The Dishwasher: Vampire Smile Review

I didn’t play The Dishwasher: Dead Samurai. That game, created by actual former dishwasher James Silva won the 2007 Microsoft Dream-Build-Play competition and was a surprise hit on XBLA the same year. Having spent a day and change with The Dishwasher: Vampire Smile, I deeply regret that oversight and intend to rectify it, well, pretty much the second this review is published. Vampire Smile is beautiful looking, gritty, weird as hell and extremely fun. It might be a little too unbalanced, difficulty-wise, but with two separate characters (with their own unique storyline, weapons and abilities), plenty of fun extras and, let’s be real, prodigious bloody carnage, it’s incredibly satisfying and more than worth the 800 Microsoft points – probably a better buy than any game you’ll play this year (until Uncharted 3 and Mass Effect 3, of course.)


The Dishwasher: Vampire Smile (XBox360 [Reviewed])
Developer: Ska Studios
Publisher: Microsoft
Release Date: April 06, 2011
MSRP: $9.99

Like its predecessor, The Dishwasher: Vampire Smile is a side-scrolling action platformer with beat-em-up elements and a grim atmosphere that is both creepy and adorable. Think Bad Dudes, filtered through Mega Man and Cowboy Beebop, written by a JRPG writer with a drug problem. Thanks to its beautiful, hand-drawn art style and retro aesthetic, it’s probably going to get a lot of comparisons to other XBLA stand outs like Limbo, but I kept thinking of Bulletstorm. Vampire Smile’s deliberately referential (and impressionistic) plot/setting/aesthetic, a bloody hilarious sense of humor, copious amounts of incredibly adorable bloodshed and easy to pick up play style make for a similarly awesome super fun good time.

Vampire Smile has a lot for players to enjoy. The Multiplayer mode is bare bones, but a game like this isn’t really something you buy for online free-for-all. It has XBLA and local coop, so it’s nice you can at least enjoy a game with someone in the same room. However the Single Player mode is packed with goods. Arcade Mode allows you to play through 50 levels of combat (in game settings, minus the plot and most of the extras). The only goal is to survive wave after wave of enemies using the weapons you start the game with. Dish Challenge is arcade mode turned up to 11, and endless wave of enemies until you die. Both games are worth checking out but the most variety and fun are in Story Mode.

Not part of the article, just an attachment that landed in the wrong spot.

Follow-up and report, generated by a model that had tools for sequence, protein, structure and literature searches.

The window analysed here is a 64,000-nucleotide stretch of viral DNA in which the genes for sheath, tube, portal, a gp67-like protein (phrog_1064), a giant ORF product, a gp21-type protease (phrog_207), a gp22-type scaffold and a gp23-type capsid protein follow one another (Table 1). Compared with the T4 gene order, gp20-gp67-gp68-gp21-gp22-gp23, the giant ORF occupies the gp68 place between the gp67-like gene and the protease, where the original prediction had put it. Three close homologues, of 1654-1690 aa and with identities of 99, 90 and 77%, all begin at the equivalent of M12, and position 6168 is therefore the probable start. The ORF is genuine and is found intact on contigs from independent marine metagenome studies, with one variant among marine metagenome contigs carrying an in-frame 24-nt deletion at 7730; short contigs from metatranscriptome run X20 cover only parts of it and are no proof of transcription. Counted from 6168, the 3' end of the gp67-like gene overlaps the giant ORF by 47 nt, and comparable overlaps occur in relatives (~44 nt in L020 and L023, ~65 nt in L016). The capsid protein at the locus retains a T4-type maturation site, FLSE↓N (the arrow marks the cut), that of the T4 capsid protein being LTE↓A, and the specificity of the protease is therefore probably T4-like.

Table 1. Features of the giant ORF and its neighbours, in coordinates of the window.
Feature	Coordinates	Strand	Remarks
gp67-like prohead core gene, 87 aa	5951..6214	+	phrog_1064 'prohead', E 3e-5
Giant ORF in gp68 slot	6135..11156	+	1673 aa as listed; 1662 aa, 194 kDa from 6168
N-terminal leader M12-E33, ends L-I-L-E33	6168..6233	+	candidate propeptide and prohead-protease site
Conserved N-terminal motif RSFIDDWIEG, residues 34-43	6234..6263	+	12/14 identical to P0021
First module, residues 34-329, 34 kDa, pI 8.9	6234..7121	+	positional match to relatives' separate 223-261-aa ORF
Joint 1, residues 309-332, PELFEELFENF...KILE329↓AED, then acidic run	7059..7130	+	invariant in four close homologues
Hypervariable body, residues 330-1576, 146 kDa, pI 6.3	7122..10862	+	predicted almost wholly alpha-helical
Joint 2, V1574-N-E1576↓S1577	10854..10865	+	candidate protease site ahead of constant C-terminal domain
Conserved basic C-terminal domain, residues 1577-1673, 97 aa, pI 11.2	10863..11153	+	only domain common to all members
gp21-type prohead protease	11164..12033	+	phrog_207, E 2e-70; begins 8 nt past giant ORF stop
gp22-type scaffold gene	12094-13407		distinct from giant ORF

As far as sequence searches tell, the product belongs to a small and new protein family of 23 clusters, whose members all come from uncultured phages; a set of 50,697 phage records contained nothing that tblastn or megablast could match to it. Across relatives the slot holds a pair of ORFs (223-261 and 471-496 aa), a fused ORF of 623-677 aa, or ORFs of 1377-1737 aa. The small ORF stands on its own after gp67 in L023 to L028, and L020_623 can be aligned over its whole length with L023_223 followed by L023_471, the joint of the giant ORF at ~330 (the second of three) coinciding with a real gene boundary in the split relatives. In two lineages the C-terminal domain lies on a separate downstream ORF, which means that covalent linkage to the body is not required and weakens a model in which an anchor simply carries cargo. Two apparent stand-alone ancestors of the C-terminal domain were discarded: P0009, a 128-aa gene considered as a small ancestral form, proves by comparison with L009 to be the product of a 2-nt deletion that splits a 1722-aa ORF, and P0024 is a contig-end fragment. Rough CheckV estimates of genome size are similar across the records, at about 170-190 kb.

Instead of a single storyline you choose from two different campaigns: The Dishwasher, and The Prisoner. In The Dishwasher, you play as the titular main character; in The Prisoner, you play his insane step-sister Yuki. The plot picks up from where Dead Samurai left off – this gets a little confusing since the opening references the events of the first game in brief terms, but you pick up quickly enough. Each campaign has a unique story that occurs separately, but is intertwined with the other campaign, and the two games intersect at key points in the story. In each campaign, you’ll get incredible character specific weapons, like The Dishwasher’s ‘Guillotine’ sword (a giant pair of scissors) and Ross Lincoln Award winner for Best Weapon Name, the ‘Violence Hammer’, a sledge hammer wrapped in barbed wire and topped with spikes, or Yuki’s machine arm with both an SMG and a chainsaw attachment.

The main thing you need to take away from this review is that you’ll be treated to a non-stop symphony of pure, hilarious violence. Kill moves include ramming an enemy into the ground from the air, literally snipping their heads off with scissors, biting their necks open, sawing them in half with your chain saw, even ripping them limb from limb. The screen is painted with blood and gore during combat, your swords remain bloody after use, and any room in which you’ve killed a bunch of enemies remains covered in viscera for the rest of the game.

There’s also a seemingly endless chain of extremely old school and extremely cool enemies, like a samurai with a squid for a head, robots who looks like Peter Criss, and zombie skinheads who appear to have overrun a lunar punk club; Bosses include cyborg demons, and one memorable level we won’t spoil that simulates the experience of being controlled by a psychic hilariously. It’s an old joke about the history of gaming but one that never seems to get old no matter how many times developers tell it.